The desire for freedom knows no borders
reviews a film by the political dissident and artist Ai Weiwei about the experiences of people migrating across borders all across the world.
There was a wall. It did not look important. It was built of uncut rocks roughly mortared. An adult could look right over it, and even a child could climb it. Where it crossed the roadway, instead of having a gate it degenerated into mere geometry, a line, an idea of boundary. But the idea was real. It was important. For seven generations there had been nothing in the world more important than that wall.
Ursula Le Guin, The Dispossessed
ON JUNE 3, a makeshift boat carrying African refugees bound for the Italian island of Lampedusa capsized off the coast of Tunisia, killing at least 50. Just 10 days later, a rescue vessel carrying over 600 refugees and immigrants was denied the right to dock in Italy and Malta, and had to make its way to Spain. So far in 2018, 660 immigrants have died crossing the Mediterranean.
The massive refugee crisis unfolding around the world is at the center of Human Flow, a 2017 film directed by renowned artist and activist Ai Weiwei. An outspoken critic of the Chinese government, Weiwei left his home country for Germany in 2015, and created his first feature-length documentary in the following years.
Spanning 23 countries and 40 refugee camps, Weiwei succeeds in capturing the dualities of brutality and love, desperation and hope, humanity and inhumanity at the center of the largest refugee movement since the end of the Second World War. Above all, Human Flow is an unflinching portrait of 65 million people without a home.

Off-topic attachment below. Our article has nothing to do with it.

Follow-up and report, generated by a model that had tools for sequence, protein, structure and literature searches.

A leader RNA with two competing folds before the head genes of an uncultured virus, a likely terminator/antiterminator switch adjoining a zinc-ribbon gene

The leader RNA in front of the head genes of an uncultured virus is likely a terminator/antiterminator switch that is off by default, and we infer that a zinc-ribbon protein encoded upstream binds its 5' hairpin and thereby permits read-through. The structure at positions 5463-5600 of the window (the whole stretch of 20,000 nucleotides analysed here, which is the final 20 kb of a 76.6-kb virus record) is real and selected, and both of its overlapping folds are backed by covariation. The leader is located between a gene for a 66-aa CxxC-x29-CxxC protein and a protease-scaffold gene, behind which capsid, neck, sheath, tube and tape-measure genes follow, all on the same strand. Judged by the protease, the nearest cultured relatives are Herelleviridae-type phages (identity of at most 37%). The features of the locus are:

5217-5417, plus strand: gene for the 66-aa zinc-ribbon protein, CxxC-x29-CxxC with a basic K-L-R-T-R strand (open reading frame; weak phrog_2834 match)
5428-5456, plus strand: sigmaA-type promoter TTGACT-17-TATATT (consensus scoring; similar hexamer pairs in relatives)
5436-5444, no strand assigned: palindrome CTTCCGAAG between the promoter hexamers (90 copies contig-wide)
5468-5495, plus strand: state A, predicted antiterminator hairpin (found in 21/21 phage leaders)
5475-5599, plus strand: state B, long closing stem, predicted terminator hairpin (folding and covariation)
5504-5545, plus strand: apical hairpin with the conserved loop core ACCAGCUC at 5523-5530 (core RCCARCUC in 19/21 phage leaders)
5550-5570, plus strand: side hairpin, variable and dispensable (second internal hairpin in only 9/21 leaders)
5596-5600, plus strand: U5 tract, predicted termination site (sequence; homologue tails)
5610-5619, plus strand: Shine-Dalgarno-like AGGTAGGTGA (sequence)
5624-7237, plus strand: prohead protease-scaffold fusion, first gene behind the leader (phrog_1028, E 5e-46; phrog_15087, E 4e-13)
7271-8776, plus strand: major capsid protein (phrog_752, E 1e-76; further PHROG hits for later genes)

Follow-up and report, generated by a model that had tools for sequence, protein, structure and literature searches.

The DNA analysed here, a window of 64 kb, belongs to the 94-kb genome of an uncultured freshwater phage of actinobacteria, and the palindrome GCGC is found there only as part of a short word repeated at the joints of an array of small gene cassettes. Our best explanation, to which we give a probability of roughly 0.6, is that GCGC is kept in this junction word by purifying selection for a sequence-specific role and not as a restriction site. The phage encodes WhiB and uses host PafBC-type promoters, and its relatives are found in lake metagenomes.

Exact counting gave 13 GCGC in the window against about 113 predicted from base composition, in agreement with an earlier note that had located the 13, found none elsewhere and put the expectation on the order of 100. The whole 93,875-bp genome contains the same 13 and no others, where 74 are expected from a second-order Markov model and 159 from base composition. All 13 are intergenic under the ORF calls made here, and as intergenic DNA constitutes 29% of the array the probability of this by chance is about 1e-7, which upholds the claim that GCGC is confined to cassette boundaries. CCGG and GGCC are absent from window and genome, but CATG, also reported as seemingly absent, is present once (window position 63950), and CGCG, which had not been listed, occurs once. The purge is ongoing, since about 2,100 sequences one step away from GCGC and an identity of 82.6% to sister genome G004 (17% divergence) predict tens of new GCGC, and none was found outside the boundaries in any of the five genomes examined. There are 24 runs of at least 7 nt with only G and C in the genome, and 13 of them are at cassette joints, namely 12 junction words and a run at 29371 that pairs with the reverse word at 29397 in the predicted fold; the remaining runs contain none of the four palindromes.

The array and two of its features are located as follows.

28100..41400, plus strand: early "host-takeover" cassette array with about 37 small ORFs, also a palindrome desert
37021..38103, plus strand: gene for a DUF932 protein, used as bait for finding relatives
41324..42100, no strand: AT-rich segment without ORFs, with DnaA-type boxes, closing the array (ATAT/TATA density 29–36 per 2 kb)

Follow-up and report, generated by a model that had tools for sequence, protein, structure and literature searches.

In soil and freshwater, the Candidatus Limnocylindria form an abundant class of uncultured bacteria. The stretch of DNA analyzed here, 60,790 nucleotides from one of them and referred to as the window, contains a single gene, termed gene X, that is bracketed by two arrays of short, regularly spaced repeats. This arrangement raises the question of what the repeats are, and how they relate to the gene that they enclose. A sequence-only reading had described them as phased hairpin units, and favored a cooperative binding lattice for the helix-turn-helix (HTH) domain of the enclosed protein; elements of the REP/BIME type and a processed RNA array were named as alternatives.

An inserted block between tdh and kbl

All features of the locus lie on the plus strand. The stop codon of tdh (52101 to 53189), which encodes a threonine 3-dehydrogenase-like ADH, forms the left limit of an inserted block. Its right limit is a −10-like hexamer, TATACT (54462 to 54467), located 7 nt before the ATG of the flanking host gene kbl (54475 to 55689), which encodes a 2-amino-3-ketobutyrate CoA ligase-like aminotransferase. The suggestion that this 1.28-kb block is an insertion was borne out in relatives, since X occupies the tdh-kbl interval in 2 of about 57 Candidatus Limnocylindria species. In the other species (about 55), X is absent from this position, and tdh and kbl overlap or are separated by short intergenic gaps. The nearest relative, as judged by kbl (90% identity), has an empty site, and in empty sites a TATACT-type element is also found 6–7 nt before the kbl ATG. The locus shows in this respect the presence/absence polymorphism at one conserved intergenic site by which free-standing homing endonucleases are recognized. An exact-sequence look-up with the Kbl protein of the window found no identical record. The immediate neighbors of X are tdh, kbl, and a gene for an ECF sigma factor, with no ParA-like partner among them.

THE FILM’S journey moves from the windy shores of the Mediterranean, to an arid expanse in Salah ad-Din, Iraq, where some of the country’s 270,000 refugees (the majority from Syria) live in a vast expanse of white tents.
One of them is a child, who clutches his mother’s hand and shyly positions himself behind her protective figure. The child fidgets and averts his eyes, but the woman stands firm, staring directly into the camera.
Day in Iraq turns to night in Greece, where rescuers work by flashlight to help a newly arrived boat filled with men, women and children. But the shores of Levos are treacherous, and many die thinking they have reached land: “[Because of rocks], they think the water is like this,” one rescuer explains, lowering his hand beneath his waist. “But it’s like that,” he says, raising the hand above his head.
In Syria, we meet some of the 300,000 Iraqi refugees newly displaced following the assault on the city of Mosul, which was held at the time by ISIS. No mention is made of the number killed in the assault.
Now in Gaza, the camera moves through crowded alleys filled with debris, then to the beach, where an unseen Israeli flotilla blocks supplies and seals an aquatic escape route. A young Palestinian woman sitting on the shore tells us her dream is to go on a cruise.
Weiwei covers the big and the small, the everyday and the unimaginable. His camera moves from lingering close-ups of individual faces — a Rohingya community leader in Bangladesh; a young Syrian in Greece; men shivering beneath gold and silver Mylar blankets — to overhead shots of people the size of ants: a vast camp on the Syria-Jordan border; columns of Africans in white jumpsuits at a port in Italy; children playing soccer on a dusty field in Bangladesh.